One taxi driver summarised: “In Morocco, if you respect the law, you are going to be in an accident. That’s why it is important not to respect the law”. It’s considered insulting to put on a seatbelt when you get into a taxi, as this presumes the driver is going to drive dangerously. A friend told me that she indirectly almost caused a colossal pile-up when an eighteen wheeler driver peered out of his window to catcall her and almost veered into oncoming rush hour traffic, at one of the busiest junctions in Rabat. With everyone on the same page on this, vehicles mostly avoid each other. Worrying will not do you any favours as a visitor.

A lot of Europe’s drugs go through Chefchaouen

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The beautiful blue Spanish city of Chefchaouen is a fantastic destination for hiking, market shopping, and phenomenal scenery – but also has a reputation as a hotspot for cannabis tourism. Known as ‘kif’, the drug is grown nearby in the Rif mountains, and despite its questionable legal status, many tourists (not me!) are also attracted by the inexpensive, high-quality product. Huge mountain cannabis farms are apparently tolerated by the authorities, which you can even go and see on tours. Morocco is the world’s top supplier of cannabis, with 38,000 tonnes produced annually, used locally and smuggled elsewhere.

Interestingly, Latin American smugglers are increasingly turning to Morocco’s cannabis trade for help smuggling cocaine into Europe. Although cannabis shows no sign of disappearing, with an opposition leader even entertaining legalisation, this association with harder drugs has encouraged Moroccan authorities to crack down. They generally don’t bother tourists, but our hostel was told not to allow Moroccans to stay, as police claim those that try are likely sellers or drug mules on the run.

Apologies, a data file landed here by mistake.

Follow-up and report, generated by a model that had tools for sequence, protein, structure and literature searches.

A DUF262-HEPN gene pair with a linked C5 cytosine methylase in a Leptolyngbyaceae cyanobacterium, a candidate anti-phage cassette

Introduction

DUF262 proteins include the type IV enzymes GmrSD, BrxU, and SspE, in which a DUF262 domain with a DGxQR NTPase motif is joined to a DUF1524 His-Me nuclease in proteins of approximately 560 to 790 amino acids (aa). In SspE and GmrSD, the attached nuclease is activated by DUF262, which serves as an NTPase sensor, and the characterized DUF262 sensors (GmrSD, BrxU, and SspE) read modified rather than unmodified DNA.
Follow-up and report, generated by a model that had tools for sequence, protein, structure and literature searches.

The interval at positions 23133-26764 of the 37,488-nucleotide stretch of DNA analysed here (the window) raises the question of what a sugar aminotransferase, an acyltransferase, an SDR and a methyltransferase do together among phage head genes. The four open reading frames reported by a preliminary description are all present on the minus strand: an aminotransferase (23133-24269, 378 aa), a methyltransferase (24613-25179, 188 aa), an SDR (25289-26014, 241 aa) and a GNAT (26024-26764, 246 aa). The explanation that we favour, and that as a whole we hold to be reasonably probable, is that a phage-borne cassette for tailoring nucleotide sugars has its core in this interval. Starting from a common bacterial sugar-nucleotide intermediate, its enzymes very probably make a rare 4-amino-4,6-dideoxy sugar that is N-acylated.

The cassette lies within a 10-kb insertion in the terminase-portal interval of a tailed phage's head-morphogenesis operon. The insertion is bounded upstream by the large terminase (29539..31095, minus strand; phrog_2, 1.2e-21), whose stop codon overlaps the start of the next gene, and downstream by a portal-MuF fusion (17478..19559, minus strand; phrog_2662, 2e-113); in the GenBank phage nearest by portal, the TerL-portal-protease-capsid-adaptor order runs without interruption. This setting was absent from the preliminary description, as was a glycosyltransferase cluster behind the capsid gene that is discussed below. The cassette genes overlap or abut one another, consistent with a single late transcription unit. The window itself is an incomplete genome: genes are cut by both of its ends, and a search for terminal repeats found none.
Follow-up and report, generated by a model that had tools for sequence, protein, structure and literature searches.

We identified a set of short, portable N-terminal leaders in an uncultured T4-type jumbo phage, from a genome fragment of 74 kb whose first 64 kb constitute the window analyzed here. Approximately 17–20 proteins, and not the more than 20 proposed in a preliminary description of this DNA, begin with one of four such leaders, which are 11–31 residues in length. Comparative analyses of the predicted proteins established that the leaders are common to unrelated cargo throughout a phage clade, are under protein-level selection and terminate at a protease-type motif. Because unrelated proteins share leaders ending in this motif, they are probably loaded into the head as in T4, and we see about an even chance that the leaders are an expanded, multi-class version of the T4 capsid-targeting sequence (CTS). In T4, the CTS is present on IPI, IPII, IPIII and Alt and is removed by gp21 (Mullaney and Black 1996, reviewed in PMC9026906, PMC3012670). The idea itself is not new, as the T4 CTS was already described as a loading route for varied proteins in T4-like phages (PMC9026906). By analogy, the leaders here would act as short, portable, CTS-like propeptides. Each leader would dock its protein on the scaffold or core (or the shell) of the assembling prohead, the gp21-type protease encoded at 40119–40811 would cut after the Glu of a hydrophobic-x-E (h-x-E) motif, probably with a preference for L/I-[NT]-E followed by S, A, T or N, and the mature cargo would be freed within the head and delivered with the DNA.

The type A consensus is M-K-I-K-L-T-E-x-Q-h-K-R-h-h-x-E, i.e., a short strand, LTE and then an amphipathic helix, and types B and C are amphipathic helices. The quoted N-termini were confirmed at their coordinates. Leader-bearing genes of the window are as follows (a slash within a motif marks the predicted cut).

Everybody dresses magnificently

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Moroccans sure know how to dress. This includes men and women of all shapes, sizes and ages, with people in traditional djellabas (above),  and more modern liberal dress wandering around, sometimes in the same group. The coexistence of diverse cultures, ethnic groups and attitudes in Morocco are evident even as an outsider, and make it a fascinating country with so much to offer.

If you’re keen on rich history, mouth-watering cuisine and something distinctly non-European without breaking the bank on flights, Morocco is a great choice. It’s almost certainly the safest country in Africa for tourists, and locals are mostly friendly and accommodating. I had a great time and was fortunate enough to meet and be shown around by some awesome people. As well as what I saw, Fez, Tangier, Marrakech, Casablanca, Essauoreia, the Sahara and plenty more warrant trips of their own.


Masters student, Biology & Marine Biology. Interested in tropical ecology, palaeontology and mass extinctions, and music and international politics on the side. Lives in Kuala Lumpur, Malaysia.